Possible drug target for cardiomyopathy
Stanford researchers have uncovered how a genetic mutation contributes to a heart disease known as familial dilated cardiomyopathy. Existing drugs correct the defect in heart cells grown in a petri dish, suggesting a new therapeutic target.
East Bay oncology joint venture in works
Stanford Health Care and Sutter Health intend to expand and enhance clinical integration toward a shared goal of providing coordinated, seamless cancer care in the East Bay.
At new hospital, hard hats (mostly) come off
The new Stanford Hospital, which is scheduled to open to patients in the fall, has received the go-ahead to occupy the hospital while minor finishing work continues.
Neuron-nudged mice see what isn’t there
Stanford scientists, using only direct brain stimulation, reproduced both the brain dynamics and the behavioral response of mice taught to discriminate between two different images.
Limiting abortion funding leads to more abortions
A U.S. foreign policy opposing abortion has resulted in less funding for family planning and birth control, leading to more unwanted pregnancies, a Stanford study found.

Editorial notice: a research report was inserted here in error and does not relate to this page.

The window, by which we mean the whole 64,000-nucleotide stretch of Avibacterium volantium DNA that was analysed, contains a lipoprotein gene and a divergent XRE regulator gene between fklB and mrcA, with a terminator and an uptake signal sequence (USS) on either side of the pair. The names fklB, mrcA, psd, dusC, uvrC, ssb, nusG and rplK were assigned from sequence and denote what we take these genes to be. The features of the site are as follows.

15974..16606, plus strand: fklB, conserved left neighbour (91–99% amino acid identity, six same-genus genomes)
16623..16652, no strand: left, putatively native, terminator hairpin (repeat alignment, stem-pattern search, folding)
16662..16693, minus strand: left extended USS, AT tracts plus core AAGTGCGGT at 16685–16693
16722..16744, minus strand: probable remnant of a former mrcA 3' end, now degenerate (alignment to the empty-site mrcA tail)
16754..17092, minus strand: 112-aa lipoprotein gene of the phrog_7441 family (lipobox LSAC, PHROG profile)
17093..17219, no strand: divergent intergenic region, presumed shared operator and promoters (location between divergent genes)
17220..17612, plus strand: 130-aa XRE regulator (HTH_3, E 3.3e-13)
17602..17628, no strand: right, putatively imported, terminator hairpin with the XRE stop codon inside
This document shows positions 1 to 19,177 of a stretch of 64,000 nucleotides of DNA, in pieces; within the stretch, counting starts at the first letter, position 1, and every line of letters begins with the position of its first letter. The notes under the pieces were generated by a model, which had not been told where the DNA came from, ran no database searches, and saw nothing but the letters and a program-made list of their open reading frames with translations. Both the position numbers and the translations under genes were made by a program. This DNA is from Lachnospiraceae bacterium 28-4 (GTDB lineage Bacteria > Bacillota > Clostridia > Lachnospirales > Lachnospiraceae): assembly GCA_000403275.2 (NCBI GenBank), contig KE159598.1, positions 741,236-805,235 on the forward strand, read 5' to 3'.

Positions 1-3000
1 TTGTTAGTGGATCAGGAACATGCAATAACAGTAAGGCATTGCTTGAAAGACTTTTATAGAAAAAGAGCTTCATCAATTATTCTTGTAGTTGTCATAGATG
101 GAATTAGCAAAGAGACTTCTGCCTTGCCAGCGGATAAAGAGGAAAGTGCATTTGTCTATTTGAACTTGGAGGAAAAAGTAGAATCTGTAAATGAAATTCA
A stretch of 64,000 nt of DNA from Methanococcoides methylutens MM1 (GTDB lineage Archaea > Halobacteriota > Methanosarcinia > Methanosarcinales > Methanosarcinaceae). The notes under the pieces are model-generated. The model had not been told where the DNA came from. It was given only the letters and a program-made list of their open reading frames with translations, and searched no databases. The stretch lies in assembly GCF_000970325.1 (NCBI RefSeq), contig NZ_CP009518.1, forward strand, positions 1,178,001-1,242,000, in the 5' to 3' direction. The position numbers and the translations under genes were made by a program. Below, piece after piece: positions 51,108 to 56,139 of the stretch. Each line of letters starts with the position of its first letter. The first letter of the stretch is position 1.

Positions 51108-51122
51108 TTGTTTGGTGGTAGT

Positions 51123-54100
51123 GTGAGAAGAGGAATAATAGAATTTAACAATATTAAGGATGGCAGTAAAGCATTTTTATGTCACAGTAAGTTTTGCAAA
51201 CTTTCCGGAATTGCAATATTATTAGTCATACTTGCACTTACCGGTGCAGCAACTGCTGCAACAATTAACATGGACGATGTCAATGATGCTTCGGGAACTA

Sleep patterns of fish resemble land animals’
Researchers have found that brain patterns in sleeping zebrafish are similar to those of land vertebrates, suggesting that such sleep signatures developed before aquatic and land animals diverged.
Inner ear hair cells regenerated
Researchers at Stanford have found a way to regenerate hair cells in the vestibular system of the mouse ear, with implications for treating dizziness.
Dynamic predictions help patients
Using in-game win probability techniques, Stanford researchers devised a way to better predict a cancer patient’s outcome at any point during treatment. The approach could also inform treatment decisions.
Immune cells speed aging brains’ demise
Stanford researchers have found intrusive immune cells in a place in the brains of humans and older mice where new nerve cells are born. The intruders appear to impair nerve cell generation.
Christopher Dawes dies at 68
Under Dawes’ leadership, Packard Children’s Hospital transformed from a hospital for the community into one serving children and pregnant women nationwide.
Calming immune cells to treat stroke in mice
Instead of trying to fix stroke-damaged nerve cells, Stanford scientists took aim at a set of first-responder immune cells that live outside the brain but rush to the site of a stroke. It worked.
Stanford-led team awarded $10 million
Stanford scientists will direct a multidisciplinary, multi-institutional team focused on understanding in detail how tiny mutations in a protein, myosin, can cause the classic features of cardiomyopathy.
Gene networks and heart failure
A Stanford-led research team has mapped out a network of gene activity before and after heart failure to better understand how heart health declines.
Leading in Precision Health
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A Legacy of Innovation
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